During the Square Kilometer Array (SKA) Board of Directors meeting, the SKA Organisation and NRAO signed a Memorandum of Understanding (MoU) for the design and development of new data models to address the data processing requirements of their next-generation telescopes.
The MoU establishes an agreement for collaborative and continued development work on the Common Astronomy Software Applications (CASA) software package, initially developed by NRAO and partners in the early 1990s. CASA is the leading package for radio astronomy data reduction around the world and is used currently for the international Atacama Large Millimeter/submillimeter Array (ALMA) and the NRAO’s Very Large Array (VLA) telescopes, among other facilities. Both ALMA and the VLA are presently the largest telescopes of their kind in the world, respectively observing in millimeter/submillimeter and longer radio wavelengths.
“Next-generation radio telescopes such as the SKA will have extreme processing requirements and CASA doesn’t currently have the capabilities to handle such large bandwidths and field-of-view datasets that will be produced by these telescopes,” says SKA Organisation Director General Philip Diamond. “The collaboration we are formalizing today with a renowned institution such as NRAO is very much welcome and will enable extensive collaborative work to update the CASA core data models for it to become scalable to the needs of our worldwide community.”
“We are pleased to work with our SKA colleagues to extend the CASA framework to support several future radio telescopes,” says NRAO Director Tony Beasley. “We are building upon the investment made by the global astronomy community in CASA over the past two decades, enabling new science and instrumental capabilities.”
This overhaul of the CASA software will be necessary for a new era of astronomy, which will not only benefit the next-generation telescopes, but also the radio astronomy world as a whole, who would be able to use the updated CASA software to better improve the data processing needs of their observatories, which can process both interferometric and single dish data.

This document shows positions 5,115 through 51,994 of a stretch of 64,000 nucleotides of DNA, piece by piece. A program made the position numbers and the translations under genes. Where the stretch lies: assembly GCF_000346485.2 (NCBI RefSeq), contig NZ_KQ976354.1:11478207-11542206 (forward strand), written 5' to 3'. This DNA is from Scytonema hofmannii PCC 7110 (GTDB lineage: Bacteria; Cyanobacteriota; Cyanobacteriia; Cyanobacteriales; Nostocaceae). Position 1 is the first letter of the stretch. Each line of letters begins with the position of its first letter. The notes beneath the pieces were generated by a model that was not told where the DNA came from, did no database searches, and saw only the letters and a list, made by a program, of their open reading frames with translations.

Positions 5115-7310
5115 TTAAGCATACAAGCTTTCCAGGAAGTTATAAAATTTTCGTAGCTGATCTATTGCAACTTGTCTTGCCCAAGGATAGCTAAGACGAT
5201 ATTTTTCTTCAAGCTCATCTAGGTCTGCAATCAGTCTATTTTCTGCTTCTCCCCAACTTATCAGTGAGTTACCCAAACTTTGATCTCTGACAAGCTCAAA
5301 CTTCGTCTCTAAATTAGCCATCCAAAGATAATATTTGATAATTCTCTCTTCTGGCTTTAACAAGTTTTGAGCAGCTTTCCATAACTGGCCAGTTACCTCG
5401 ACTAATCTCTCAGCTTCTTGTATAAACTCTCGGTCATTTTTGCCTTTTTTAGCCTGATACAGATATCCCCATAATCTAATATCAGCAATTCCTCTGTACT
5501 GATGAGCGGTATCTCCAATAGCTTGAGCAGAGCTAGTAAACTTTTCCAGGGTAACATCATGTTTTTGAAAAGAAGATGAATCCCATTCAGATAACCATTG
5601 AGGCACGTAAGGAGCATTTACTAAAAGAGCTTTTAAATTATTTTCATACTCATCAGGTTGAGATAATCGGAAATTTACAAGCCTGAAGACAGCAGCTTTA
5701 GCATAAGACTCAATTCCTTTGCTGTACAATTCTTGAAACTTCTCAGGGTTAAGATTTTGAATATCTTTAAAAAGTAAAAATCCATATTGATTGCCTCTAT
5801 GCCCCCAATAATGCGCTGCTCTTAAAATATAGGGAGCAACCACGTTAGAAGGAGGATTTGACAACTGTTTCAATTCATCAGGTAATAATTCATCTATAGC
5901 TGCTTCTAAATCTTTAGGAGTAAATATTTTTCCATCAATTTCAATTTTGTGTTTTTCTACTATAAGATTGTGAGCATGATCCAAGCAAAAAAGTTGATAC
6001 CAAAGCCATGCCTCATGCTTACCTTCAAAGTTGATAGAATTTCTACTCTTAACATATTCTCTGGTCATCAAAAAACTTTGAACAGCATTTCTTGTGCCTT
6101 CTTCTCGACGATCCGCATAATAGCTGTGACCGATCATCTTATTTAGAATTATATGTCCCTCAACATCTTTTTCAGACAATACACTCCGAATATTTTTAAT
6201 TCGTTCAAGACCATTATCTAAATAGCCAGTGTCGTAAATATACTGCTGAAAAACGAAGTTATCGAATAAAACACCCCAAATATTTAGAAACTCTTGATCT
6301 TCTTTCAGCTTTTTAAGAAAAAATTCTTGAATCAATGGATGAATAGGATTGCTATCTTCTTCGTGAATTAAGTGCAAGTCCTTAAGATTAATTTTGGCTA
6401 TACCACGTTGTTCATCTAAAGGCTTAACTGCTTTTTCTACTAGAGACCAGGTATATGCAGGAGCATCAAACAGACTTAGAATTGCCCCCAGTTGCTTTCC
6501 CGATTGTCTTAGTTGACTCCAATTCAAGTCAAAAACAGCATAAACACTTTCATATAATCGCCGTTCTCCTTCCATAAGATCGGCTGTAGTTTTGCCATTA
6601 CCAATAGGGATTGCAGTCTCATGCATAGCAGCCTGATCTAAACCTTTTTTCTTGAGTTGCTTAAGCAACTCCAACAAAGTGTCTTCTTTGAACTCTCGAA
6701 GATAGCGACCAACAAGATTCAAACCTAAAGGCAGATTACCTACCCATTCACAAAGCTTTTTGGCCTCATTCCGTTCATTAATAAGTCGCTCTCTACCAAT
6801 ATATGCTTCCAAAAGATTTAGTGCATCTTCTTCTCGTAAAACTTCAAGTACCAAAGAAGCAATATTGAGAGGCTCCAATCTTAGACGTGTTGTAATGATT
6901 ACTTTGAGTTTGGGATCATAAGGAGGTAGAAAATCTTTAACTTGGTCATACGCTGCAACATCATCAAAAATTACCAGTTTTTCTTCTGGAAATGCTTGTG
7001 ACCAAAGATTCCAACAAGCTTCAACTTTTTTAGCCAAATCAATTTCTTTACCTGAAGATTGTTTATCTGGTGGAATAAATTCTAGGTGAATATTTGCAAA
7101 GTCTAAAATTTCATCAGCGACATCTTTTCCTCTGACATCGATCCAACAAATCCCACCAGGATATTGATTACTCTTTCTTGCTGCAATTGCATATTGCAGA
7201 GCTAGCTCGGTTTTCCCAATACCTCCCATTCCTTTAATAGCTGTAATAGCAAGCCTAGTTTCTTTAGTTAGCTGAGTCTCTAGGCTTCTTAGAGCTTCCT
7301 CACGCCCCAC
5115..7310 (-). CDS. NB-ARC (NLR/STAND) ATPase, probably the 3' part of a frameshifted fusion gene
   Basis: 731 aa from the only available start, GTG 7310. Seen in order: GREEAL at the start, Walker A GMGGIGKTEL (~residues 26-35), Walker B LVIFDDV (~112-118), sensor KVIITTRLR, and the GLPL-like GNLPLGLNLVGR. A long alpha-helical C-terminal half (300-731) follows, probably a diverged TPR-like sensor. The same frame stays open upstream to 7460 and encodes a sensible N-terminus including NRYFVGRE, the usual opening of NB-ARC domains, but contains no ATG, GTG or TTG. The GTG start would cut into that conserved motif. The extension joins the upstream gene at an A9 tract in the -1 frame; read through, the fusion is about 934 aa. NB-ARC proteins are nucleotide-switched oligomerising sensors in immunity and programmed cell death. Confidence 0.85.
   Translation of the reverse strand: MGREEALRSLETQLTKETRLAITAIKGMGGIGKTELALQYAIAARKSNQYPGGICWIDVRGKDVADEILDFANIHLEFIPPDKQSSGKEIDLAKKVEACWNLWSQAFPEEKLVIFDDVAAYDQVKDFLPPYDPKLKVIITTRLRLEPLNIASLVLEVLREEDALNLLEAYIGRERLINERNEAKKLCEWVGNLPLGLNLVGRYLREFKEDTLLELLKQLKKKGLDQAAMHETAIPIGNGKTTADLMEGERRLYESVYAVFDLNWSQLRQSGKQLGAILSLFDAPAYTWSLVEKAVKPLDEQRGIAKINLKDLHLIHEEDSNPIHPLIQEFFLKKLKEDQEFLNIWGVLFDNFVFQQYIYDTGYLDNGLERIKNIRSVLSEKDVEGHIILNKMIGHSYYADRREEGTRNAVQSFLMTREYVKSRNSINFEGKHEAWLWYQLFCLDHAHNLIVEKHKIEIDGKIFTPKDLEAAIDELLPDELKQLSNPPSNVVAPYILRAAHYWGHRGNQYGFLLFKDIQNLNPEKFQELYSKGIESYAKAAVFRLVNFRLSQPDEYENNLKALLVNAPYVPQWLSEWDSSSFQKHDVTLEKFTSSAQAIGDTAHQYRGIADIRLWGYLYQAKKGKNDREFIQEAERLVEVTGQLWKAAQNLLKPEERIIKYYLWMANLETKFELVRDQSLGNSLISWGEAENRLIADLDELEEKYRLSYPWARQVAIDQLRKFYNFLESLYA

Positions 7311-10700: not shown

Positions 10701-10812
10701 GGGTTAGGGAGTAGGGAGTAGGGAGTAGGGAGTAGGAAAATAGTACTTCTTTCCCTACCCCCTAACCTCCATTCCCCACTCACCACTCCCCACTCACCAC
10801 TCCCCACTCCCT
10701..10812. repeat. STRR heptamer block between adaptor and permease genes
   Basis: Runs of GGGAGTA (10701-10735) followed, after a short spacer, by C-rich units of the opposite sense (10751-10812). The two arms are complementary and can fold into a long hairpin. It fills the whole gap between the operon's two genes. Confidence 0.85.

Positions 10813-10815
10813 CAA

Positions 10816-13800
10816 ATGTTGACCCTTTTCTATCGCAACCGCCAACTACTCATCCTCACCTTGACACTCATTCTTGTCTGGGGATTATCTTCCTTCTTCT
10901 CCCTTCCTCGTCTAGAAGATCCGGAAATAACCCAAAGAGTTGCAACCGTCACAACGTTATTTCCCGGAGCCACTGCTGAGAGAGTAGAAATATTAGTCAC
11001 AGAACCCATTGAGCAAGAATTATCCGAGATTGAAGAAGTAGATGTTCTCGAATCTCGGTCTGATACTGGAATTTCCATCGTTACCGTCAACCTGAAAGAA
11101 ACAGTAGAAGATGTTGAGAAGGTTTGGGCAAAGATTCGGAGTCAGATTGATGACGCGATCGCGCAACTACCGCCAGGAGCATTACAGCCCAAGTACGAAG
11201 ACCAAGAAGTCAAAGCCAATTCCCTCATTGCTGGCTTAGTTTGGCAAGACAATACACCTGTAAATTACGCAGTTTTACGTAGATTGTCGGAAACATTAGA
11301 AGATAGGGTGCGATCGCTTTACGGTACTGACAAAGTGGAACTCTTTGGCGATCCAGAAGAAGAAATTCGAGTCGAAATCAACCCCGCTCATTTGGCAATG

About the SKA
The Square Kilometre Array (SKA) project is an international effort to build the world’s largest radio telescope, led by the SKA Organisation based at the Jodrell Bank Observatory near Manchester. The SKA will conduct transformational science to improve our understanding of the Universe and the laws of fundamental physics, monitoring the sky in unprecedented detail and mapping it hundreds of times faster than any current facility.
The SKA is not a single telescope, but a collection of telescopes or instruments, called an array, to be spread over long distances. The SKA is to be constructed in two phases: Phase 1 (called SKA1) in South Africa and Australia; Phase 2 (called SKA2) expanding into other African countries, with the component in Australia also being expanded.
Already supported by 10 member countries – Australia, Canada, China, India, Italy, New Zealand, South Africa, Sweden, The Netherlands and the United Kingdom – the SKA Organisation has brought together some of the world’s finest scientists, engineers and policy makers and more than 100 companies and research institutions across 20 countries in the design and development of the telescope. Construction of the SKA is set to start in 2019, with early science observations in the early 2020s.
Learn more about the SKA: http://skatelescope.org/
The National Radio Astronomy Observatory is a facility of the National Science Foundation, operated under cooperative agreement by Associated Universities, Inc.
Contact: Charles Blue
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